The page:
• Back again. I too think that the causes of honeybee (and other bee species) decline or CCD, or whatever you want to call it, is multifactorial and I wrote a post about this a few years ago based on a talk at a beekeepers’ event:

      I like the idea of an ark for the species being in integrating bees more into society on a smaller scale, not just for honeybees but for all pollinators from hives to bug hotels. A bit like the giving nature a home project by RSPB.

      Although as my family has been part of the food industry for generations I do look at it pragmatically. We need to eat and we need to feed a lot of people. Also the food industry is a livelihood for millions. So I think it’s about looking about how we do it better without a cost to ourselves or nature, and there’s always room for improvement in every business.

      Except honeybees of course, they do everything perfect already.

  10. Most of the descriptions on this blog on how bees are treated on almond ranches is a lie.. Maybe on a couple of the huge ranches it might be done this way, but for the other 99% of the almond ranches it is NOT!! we have 200 acres of almonds in Chico,Ca and we know many more almond farmers and have never even heard of these practices that you are talking about. we do not even take the honey from our 200 hives. we actually even plant flowering plants down the rows when almonds are not in bloom. Do your home work people and don’t just go by what someone tells you bremnerfarms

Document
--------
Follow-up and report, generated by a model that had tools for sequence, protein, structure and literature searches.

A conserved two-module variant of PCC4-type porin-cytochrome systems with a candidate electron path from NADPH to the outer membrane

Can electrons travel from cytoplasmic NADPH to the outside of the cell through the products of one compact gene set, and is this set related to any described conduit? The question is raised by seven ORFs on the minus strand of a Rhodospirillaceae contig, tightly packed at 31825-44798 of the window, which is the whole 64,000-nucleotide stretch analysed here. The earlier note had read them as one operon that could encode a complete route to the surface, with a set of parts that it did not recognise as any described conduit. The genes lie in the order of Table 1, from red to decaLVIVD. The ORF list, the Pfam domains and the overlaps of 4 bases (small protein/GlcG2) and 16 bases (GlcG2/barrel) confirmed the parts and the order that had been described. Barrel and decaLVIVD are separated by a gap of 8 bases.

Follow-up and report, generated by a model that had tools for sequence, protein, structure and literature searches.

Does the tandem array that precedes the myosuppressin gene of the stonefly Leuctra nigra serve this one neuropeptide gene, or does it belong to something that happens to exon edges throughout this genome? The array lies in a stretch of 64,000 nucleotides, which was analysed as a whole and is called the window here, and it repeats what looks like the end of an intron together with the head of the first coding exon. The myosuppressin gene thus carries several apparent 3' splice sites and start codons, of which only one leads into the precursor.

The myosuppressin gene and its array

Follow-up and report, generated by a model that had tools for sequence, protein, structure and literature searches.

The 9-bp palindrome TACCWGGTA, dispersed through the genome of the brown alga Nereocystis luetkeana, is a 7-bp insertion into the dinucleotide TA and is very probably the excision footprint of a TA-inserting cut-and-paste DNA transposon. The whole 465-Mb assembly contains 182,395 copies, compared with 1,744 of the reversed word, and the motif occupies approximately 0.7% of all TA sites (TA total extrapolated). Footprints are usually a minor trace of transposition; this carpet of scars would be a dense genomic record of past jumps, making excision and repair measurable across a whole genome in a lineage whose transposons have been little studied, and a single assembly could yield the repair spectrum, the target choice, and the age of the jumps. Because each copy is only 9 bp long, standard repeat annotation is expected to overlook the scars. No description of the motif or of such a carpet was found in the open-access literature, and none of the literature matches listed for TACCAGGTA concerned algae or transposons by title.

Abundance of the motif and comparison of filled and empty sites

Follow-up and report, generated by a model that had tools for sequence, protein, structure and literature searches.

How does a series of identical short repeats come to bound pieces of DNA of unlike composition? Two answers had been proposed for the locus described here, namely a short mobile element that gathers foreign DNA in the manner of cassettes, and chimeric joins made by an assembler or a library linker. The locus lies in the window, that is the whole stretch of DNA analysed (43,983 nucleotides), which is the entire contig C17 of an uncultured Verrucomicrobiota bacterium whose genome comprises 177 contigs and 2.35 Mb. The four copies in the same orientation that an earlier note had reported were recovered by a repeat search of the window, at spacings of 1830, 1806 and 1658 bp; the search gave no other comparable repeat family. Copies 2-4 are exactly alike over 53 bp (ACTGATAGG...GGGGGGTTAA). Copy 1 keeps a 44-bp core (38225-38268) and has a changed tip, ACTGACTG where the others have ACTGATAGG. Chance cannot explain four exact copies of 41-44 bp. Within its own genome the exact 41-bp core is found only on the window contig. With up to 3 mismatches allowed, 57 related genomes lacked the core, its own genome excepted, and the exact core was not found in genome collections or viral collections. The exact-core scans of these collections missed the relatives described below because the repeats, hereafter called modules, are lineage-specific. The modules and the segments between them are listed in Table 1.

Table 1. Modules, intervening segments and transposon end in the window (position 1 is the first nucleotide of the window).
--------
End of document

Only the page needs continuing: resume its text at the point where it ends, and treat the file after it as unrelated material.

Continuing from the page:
• I am pleased to hear that there are good practice cases of honeybee pollination at almond plantations in California, and, as I said in an earlier comment, do hope that the scenes shown in More than Honey are not the norm either in the US or elsewhere.

      I watched the documentary last Christmas and have given myself over 6 months to think about it and to read further before commenting.

      The practice of migratory beekeeping for the pollination industry has been widely covered, eg:

      BBC 4 On the trail of the American honeybee

      The pollination industry must, of course, be relied on worldwide from Australia to Europe and UK for food production. I hope there are many initiatives looking at how to help bees and agriculture work together, such as this report from Sussex in the UK:

      However, if only one commercial practice exists like that shown in the documentary then it is one too many and it does need highlighting. Watching the conditions of bees being transported in the trucks (in that particular example filmed) made me flinch and it has deterred me from eating imported almonds while encouraging to buy local foods.

      As for my almond quip at the beginning of the post, this was tongue-in-cheek as was much of the post being a wry statement on my seemingly annual conversations about honey.

  11. I’ve been saving this one until I had time to read it. Excellent honey harvest news, it looks wonderful. Unless you have © it, I shall adopt your comment “Yes, but I don’t eat almonds’ as an all-purpose blocker of interfering queries / remarks in all circumstances. To the response “what’s that got to do with my point?” I suppose the counter is “Well, if you can’t see that, then we’ll just have to agree to differ”… Replies to your Rolling Harbour comments in a minute. RH

    • Feel free to re-use RH 🙂 I have found it useful as an all-purpose blocker even when it has nothing to do with bees and honey. To the response “What’s that got to do with my point?” I’ve taken to saying “42”.

      Well, if people think you’re a bit mad they usually leave you alone.